Another drill you can do to practice dorsiflexion is by doing goblet squats against the wall. The emphasis will be trying to keep your entire feet planted on the ground. The goblet squat will prompt you to get into your most powerful squat position. In this drill, we eliminate that by forcing you to keep a vertical torso against a wall. In addition to that cue, you will try to do a deep squat to try to train your dorsiflexion.

How should you squat?

This is probably a million dollar question. While there is no one size fits all formula, there are technique cues that can be followed so that you can replicate an effective and efficient squat.

Break at the hips, knees or both for a squat?

This is one question I have seen come up throughout my years of training. Do you break at the knees? Do you break at the hips? Do you break at the knees and hips at the same time?

I decided to look up what other lifters are doing and survey the current state of squatting. It appears that many high bar squatters will tell you to break at your knees first. This would make logical sense since you want to remain as upright as possible. Breaking at the hips early will throw your balance off and create a weaker starting position for your high bar squat.

Then, there is low bar squatting. Many lifters will advise you to break at your hips first since you want to load up all the tension on your back and hips and explode from the hole. Breaking at your knees first will throw off this delicate balance.

Then, you have some hybrid forms, which is not technically high bar squatting but not low enough to be a low bar squat. For these lifters, the advice is to break at both the hips and the knees. This provides the best overall sense of balance, power and structure for the squat.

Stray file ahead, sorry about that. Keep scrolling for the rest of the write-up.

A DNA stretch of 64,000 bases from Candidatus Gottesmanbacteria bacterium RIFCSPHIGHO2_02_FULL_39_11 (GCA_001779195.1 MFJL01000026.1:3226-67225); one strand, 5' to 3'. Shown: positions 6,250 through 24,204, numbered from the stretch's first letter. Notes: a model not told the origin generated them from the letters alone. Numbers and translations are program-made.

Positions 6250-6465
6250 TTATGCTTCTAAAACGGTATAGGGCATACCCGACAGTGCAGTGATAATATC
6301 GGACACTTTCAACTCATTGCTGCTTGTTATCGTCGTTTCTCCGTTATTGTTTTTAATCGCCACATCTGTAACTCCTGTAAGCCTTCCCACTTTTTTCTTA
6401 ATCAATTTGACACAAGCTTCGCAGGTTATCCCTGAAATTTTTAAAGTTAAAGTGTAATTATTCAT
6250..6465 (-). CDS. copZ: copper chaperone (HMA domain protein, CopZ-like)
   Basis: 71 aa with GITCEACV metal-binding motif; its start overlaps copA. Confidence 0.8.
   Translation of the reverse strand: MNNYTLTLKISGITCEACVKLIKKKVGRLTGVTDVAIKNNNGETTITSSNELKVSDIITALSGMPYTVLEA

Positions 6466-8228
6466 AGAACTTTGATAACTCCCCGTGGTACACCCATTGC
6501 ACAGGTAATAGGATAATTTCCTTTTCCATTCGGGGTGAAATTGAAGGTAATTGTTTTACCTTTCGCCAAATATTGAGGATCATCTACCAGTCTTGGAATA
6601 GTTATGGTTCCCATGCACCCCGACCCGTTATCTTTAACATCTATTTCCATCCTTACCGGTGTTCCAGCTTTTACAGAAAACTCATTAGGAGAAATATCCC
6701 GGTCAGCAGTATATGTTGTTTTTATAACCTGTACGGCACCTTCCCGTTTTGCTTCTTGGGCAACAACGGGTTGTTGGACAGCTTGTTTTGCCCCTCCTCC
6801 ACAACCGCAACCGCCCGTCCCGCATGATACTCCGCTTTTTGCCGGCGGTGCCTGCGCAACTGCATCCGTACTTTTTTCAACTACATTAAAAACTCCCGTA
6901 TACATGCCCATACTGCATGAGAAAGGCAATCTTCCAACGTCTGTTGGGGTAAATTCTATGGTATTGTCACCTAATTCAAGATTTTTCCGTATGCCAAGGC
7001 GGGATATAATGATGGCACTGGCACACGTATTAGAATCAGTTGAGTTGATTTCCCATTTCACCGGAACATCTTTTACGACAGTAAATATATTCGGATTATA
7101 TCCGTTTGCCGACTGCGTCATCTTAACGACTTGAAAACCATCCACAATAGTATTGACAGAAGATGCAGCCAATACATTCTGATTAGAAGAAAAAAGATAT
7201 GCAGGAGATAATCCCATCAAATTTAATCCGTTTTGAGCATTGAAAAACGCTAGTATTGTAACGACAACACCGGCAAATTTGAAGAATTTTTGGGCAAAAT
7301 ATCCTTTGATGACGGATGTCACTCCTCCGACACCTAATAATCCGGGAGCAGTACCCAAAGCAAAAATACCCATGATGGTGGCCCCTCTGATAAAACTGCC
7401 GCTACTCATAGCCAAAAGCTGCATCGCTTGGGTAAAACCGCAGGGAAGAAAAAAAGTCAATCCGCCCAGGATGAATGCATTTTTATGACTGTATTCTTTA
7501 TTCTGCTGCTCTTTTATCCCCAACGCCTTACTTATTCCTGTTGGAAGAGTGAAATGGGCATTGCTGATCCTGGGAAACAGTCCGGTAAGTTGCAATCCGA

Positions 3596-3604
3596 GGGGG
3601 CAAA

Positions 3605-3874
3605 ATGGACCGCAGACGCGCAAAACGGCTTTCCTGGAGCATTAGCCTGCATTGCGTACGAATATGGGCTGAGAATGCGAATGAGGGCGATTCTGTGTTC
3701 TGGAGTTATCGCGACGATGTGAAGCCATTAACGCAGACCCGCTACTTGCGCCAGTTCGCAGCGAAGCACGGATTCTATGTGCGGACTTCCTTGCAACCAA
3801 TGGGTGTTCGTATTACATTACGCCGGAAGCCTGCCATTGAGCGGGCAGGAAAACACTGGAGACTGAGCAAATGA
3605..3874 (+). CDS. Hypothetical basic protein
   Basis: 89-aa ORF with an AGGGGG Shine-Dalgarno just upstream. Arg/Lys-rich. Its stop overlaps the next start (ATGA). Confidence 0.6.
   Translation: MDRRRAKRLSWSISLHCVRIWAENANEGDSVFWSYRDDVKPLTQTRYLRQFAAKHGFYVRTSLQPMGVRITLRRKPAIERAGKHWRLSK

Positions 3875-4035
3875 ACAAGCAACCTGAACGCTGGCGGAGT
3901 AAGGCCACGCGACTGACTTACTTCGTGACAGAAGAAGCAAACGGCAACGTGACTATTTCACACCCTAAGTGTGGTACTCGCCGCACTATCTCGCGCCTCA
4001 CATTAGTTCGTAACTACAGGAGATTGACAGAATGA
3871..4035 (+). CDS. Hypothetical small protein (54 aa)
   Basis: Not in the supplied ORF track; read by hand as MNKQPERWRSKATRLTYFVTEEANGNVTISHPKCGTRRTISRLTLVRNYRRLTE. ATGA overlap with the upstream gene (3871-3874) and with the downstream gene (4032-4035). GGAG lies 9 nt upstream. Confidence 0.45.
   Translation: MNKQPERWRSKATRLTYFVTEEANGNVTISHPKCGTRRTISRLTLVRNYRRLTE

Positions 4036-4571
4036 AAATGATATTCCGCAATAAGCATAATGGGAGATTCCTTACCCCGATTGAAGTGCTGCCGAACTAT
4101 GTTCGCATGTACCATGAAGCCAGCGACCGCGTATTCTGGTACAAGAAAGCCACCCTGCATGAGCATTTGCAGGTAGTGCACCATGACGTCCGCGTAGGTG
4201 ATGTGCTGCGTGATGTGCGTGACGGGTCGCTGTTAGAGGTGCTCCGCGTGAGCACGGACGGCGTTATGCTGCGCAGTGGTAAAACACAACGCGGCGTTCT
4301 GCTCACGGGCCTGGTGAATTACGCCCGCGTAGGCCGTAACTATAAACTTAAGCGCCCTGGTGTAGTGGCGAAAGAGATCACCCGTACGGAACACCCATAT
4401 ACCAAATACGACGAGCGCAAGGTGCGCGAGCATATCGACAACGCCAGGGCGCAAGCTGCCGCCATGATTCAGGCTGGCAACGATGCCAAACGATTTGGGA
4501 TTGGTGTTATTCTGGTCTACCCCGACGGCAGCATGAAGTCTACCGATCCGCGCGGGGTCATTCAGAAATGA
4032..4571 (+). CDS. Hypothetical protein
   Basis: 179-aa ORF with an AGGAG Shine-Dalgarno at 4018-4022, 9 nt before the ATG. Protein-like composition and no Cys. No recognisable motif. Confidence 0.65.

Back to the initial question, how should you initiate your squat? Unfortunately, it really depends on you. Nevertheless, there are some general guidelines that everyone can adhere to when it comes to squatting:

  • Around a shoulder width stance
  • Toes pointed slightly outward
  • Vertical or near-vertical torso
  • Comfortable but tight grip on the bar

Aside from the general cues, what you do next will set your squat in motion.

For me, I found that I tried all three cues and realized that they all work in helping me develop a stronger body. Of course, there will be a style that feels the best and produces the most PRs for me (that would be simultaneously breaking the hips and knees).

But, you need to find what really works for you. If you have no idea what I am talking about or are new to lifting, it is usually advised to learn how to initiate the squat by breaking at the knees and hips together. This way, you will not overly rely on certain muscle groups or movements to bail you out of certain weaknesses. You start off with a neutral initiation and your progress will be dictated by your learnings.

Is it okay to lean forward on squats?

Yes and no.